Published: 14:13, 12 October 2020
| Updated: 14:15, 12 October 2020
Two parts of Kent are among the places in England to see the highest week-on-week increase in the rate of coronavirus cases.
A government map charting Covid-19 infections across the country was referred to by Deputy Chief Medical Officer Professor Jonathan Van Tam in a briefing this morning.
It showed local authority areas and their respective rates and categorized each from a decrease of more than 40 cases per 100,000 people (dark blue) to an increase of more than 40 (dark brown).
Sevenoaks and Tunbridge Wells are the only two parts of the county in the latter category, meaning their rate shot up from the week ending Tuesday, September 29 to the week ending Tuesday, October 6.
In the week to September 29 Sevenoaks recorded 28 cases which works out as 23.2 per 100,000 people. In the seven days to October 6 it saw 86 cases, a rate of 71.2.
In Tunbridge Wells there were 25 cases (21.1) in the first week and 76 (64) in the second, a three-fold increase.
A similar map (see below) showing the rates in each area shows Kent's rates are far lower than parts of the north.
Later today Boris Johnson is expected to unveil a new three-tier lockdown system, which will see the toughest measures (similar to a full lockdown) imposed on tier three areas and the lowest (the status quo) imposed on tier one areas.
The data presented above will inform decisions on which rating is applied to different areas, although it is not clear if any particular rate has to be met.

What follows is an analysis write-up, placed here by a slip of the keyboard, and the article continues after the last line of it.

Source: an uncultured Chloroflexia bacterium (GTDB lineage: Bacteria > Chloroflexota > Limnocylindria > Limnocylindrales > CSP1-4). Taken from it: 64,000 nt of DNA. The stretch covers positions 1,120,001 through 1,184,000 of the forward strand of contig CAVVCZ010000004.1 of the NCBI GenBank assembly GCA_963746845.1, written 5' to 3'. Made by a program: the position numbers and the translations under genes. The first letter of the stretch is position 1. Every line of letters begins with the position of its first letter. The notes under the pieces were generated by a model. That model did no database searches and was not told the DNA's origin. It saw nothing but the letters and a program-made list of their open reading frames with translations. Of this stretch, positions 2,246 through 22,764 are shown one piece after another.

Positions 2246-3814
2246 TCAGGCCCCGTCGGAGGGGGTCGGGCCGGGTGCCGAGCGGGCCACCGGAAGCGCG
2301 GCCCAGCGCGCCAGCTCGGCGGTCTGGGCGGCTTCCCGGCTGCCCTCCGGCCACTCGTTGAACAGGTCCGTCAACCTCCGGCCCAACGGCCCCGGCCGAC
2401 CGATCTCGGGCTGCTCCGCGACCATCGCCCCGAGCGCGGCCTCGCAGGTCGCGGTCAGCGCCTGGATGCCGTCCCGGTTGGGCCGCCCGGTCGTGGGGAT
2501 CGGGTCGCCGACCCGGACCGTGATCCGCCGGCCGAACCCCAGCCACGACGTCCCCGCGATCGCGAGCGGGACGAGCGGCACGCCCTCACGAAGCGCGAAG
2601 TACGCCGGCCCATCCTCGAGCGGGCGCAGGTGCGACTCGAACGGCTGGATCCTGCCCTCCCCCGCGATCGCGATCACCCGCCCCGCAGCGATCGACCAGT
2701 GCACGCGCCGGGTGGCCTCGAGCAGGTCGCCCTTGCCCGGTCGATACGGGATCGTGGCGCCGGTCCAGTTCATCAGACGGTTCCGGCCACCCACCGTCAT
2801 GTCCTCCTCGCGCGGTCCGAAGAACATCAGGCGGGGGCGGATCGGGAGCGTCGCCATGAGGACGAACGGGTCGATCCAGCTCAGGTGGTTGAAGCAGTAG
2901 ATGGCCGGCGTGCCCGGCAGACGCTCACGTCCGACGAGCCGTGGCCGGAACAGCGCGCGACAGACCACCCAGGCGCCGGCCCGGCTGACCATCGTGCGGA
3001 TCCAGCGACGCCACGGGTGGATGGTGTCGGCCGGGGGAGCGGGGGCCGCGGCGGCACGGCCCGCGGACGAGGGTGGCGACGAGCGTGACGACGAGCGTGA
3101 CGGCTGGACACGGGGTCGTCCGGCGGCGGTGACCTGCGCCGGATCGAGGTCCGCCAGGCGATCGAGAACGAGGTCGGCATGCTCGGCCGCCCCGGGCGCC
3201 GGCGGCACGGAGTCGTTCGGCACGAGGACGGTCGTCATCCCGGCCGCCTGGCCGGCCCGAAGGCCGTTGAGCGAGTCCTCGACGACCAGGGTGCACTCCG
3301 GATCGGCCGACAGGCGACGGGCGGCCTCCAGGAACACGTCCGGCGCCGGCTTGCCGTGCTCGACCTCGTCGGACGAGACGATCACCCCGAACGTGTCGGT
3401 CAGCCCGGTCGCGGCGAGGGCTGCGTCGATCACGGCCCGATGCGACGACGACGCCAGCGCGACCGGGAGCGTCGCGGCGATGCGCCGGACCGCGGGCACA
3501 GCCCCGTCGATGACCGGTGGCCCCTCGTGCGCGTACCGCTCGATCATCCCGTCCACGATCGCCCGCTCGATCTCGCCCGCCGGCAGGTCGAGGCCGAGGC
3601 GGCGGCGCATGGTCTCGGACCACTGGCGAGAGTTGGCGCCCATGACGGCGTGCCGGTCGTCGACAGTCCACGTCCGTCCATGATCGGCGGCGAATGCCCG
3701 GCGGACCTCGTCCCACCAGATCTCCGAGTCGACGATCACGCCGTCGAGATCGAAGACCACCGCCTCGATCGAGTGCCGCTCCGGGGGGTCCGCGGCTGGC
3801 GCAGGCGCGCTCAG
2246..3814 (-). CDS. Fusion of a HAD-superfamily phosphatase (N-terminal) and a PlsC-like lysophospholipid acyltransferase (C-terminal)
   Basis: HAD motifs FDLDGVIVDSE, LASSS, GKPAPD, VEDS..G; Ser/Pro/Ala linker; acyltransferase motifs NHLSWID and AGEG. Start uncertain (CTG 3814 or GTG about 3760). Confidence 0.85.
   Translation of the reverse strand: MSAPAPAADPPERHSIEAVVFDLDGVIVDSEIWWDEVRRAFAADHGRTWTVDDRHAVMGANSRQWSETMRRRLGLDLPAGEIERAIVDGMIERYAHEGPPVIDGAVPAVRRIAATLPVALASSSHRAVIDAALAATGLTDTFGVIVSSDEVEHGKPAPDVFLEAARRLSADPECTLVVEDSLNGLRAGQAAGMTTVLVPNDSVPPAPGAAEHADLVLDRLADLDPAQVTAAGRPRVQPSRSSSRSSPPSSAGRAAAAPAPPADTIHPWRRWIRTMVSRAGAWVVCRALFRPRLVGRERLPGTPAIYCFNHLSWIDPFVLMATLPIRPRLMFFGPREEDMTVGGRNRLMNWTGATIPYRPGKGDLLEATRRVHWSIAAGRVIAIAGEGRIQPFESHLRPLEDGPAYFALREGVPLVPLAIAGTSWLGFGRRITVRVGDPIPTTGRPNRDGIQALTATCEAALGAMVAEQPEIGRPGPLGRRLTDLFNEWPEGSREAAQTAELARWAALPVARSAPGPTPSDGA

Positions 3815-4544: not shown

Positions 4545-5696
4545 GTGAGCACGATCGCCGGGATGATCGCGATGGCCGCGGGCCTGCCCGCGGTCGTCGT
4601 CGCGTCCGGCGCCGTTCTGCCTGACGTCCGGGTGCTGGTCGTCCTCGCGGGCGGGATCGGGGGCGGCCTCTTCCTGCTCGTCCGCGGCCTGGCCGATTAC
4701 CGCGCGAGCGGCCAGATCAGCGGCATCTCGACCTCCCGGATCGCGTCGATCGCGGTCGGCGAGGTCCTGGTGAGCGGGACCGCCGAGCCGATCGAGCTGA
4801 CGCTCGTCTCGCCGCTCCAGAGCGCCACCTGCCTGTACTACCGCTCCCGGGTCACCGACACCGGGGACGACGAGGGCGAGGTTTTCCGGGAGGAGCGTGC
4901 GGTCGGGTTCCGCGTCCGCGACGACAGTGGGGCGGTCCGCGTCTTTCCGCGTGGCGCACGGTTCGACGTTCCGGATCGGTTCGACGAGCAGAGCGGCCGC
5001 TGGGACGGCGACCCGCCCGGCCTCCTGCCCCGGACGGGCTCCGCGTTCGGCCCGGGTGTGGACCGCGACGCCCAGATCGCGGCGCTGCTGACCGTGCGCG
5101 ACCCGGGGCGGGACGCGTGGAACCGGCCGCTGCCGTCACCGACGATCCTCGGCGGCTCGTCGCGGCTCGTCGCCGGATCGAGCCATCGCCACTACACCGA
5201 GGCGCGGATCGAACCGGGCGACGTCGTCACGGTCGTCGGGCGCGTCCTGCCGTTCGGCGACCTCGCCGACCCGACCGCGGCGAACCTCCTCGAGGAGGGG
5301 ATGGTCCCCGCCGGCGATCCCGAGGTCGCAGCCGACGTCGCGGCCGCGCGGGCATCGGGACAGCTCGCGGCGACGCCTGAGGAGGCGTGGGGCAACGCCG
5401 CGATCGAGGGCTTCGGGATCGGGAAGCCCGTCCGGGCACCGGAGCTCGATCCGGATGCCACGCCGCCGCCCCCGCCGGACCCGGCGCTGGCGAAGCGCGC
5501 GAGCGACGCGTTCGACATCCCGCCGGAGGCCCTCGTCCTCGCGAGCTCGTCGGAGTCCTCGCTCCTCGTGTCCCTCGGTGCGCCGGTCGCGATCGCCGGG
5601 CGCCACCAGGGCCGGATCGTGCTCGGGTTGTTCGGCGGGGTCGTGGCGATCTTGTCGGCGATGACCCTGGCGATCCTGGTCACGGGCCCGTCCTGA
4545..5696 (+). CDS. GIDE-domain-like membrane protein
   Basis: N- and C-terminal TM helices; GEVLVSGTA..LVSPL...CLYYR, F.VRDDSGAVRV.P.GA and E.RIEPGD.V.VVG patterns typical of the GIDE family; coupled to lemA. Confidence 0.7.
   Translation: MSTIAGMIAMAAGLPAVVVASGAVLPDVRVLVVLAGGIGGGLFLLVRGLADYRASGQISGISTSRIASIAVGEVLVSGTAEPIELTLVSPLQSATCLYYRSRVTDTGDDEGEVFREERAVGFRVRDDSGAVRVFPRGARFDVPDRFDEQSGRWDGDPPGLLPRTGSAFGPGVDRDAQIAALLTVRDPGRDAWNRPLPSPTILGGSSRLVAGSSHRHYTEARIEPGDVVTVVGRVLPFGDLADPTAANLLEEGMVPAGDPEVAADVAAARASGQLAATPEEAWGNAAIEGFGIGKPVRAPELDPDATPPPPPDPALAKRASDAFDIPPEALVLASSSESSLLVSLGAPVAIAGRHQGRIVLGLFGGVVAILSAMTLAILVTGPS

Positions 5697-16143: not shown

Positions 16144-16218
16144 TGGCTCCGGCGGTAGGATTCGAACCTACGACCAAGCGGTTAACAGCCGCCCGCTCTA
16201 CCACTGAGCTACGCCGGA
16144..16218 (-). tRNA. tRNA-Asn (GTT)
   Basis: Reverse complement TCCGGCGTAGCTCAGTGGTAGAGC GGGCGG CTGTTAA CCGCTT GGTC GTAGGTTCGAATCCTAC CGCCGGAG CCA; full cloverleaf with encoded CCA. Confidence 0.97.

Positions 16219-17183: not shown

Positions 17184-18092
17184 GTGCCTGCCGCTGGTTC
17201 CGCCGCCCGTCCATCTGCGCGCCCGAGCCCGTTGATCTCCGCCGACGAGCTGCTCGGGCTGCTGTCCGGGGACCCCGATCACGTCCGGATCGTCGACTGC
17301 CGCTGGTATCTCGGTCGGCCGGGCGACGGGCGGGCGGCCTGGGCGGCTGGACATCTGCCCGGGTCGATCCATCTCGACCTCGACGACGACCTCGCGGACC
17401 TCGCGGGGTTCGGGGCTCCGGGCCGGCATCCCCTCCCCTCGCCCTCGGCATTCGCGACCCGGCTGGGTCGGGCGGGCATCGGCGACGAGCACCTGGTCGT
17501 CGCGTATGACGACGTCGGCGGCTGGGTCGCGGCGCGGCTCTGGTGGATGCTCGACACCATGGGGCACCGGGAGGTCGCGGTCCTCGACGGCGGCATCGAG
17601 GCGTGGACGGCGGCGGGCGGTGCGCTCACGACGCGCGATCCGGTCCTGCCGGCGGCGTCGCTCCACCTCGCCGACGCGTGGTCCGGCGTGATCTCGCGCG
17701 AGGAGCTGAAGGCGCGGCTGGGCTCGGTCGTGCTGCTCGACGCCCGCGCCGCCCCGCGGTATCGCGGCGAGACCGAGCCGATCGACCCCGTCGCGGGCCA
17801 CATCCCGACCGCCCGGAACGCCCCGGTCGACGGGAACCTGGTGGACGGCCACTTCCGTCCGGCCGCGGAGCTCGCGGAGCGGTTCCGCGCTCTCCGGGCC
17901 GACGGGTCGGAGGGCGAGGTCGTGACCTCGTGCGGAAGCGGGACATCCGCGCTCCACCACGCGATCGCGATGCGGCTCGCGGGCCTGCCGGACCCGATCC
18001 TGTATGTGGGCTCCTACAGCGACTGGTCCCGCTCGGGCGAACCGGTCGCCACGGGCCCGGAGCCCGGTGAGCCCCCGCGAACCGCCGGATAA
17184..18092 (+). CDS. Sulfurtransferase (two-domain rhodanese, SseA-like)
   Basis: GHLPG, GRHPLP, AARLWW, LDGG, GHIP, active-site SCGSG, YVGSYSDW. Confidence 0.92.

The Evening Standard has already reported London will be subjected to tier two restrictions, meaning a ban on household mixing indoors, as, it is believed, will Manchester.
While the week-on-week increase in Kent is similar to the situation in London, the capital's overall rate of infection is higher.
The map also shows every part of Kent has seen an increase in cases up to October 6. Last week we reported how there had been a seven day increase in cases of 54% in the county.
In more positive news another slide (see above) showing the increase in the rate of cases among the over 60s point to an overall plateau in numbers in Kent.
Tonbridge and Malling and Shepway both saw a decrease of the rate of between 1 and 21 per 100,000. In Maidstone, Medway and Gravesham there was no change and everywhere else saw a slight increase of between 1 and 20.
Only in Tunbridge Wells did the rate among this age group exceed 25 cases per 100,000 but was below 50. Every other area was in the lowest possible category for cases among over 60s.